Two diesel engines representative of the four-stroke cycle and two-stroke cycle main propulsion units installed in U.S. Coast Guard WPB class cutters were operated in a test environment in an attempt to demonstrate significant fuel savings associated with water-in-fuel emulsions. The engines were connected to a dynamometer in a laboratory test cell. A prototype fuel system was assembled that would supply unstabilized emulsions for which the water concentration could range form zero to 25 percent of the total volume of liquid supplied to the engine as fuel. An analysis of boat operation was performed in order to identify the most frequently used engine settings, and both engines were operated at test points representative of boat prop load performance. The test results for the four-stroke cycle engine indicated that an average diesel fuel saving of about 2.5 percent could be obtained at the most frequently encountered operating conditions using water concentrations of 15-25 percent. Statistical analysis procedures suggest a 90 percent confidence in the measured results. Significant reductions in exhaust smoke were also observed, although the exhaust stream opacity was low throughout the tests. For the two-stroke cycle engine, no statistically significant reduction in fuel consumption could be identified.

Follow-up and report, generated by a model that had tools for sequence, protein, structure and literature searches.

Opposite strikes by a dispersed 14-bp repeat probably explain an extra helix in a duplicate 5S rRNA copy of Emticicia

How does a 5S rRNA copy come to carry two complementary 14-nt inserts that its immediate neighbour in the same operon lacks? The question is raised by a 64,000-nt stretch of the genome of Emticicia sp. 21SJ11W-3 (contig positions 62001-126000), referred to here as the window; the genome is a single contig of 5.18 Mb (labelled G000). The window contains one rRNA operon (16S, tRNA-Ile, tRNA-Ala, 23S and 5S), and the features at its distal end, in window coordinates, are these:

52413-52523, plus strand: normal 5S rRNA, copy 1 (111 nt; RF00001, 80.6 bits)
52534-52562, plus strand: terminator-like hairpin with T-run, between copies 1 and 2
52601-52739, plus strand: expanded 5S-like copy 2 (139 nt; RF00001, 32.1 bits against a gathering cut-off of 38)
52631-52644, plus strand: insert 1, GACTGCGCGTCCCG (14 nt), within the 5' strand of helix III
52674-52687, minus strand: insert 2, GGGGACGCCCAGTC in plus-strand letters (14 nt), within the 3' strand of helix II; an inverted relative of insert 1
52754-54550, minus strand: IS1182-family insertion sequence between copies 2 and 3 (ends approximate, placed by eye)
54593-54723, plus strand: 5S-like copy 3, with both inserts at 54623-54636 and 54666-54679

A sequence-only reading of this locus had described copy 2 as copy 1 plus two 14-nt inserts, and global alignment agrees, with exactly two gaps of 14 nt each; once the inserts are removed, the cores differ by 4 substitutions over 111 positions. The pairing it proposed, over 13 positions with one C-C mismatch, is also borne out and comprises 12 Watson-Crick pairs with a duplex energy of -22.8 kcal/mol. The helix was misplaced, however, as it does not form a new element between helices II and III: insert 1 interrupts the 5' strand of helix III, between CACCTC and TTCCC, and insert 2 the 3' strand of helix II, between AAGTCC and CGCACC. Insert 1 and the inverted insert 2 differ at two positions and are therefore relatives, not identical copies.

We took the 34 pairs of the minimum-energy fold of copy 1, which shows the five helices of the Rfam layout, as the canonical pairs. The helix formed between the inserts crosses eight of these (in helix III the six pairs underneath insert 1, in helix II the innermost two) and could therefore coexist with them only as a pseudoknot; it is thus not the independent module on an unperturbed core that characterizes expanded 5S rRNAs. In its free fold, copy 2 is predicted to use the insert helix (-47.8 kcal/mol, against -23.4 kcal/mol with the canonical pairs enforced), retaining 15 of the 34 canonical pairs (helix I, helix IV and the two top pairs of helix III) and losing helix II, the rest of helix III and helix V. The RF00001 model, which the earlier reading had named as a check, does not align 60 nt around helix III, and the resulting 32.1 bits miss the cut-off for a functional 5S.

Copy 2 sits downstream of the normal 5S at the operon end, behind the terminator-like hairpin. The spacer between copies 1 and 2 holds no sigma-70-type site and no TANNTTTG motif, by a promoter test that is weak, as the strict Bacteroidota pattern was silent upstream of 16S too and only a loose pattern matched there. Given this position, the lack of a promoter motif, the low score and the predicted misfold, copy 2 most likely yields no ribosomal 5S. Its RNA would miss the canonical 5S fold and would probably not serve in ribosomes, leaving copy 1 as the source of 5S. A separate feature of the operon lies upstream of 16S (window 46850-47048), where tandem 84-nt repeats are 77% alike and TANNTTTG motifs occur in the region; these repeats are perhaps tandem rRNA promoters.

• Corporate Authors:

    Southwest Research Institute

    6220 Culebra Road, P.O. Drawer 28510
    San Antonio, TX  United States  78228-0510

    Transportation Systems Center

    55 Broadway, Kendall Square
    Cambridge, MA  United States  02142

    United States Coast Guard

    2100 Second Street, SW
    Washington, DC  United States  20593
  • Authors:
    • Coon, CWJ
  • Publication Date: 1981-6

Media Info

  • Pagination: 155 p.

Subject/Index Terms

Filing Info

  • Accession Number: 00346005
  • Record Type: Publication
  • Source Agency: National Technical Information Service
  • Report/Paper Numbers: TSC-USCG-80-7
  • Contract Numbers: DOT-TSC-1587
  • Files: NTIS
  • Created Date: Jan 29 2003 12:00AM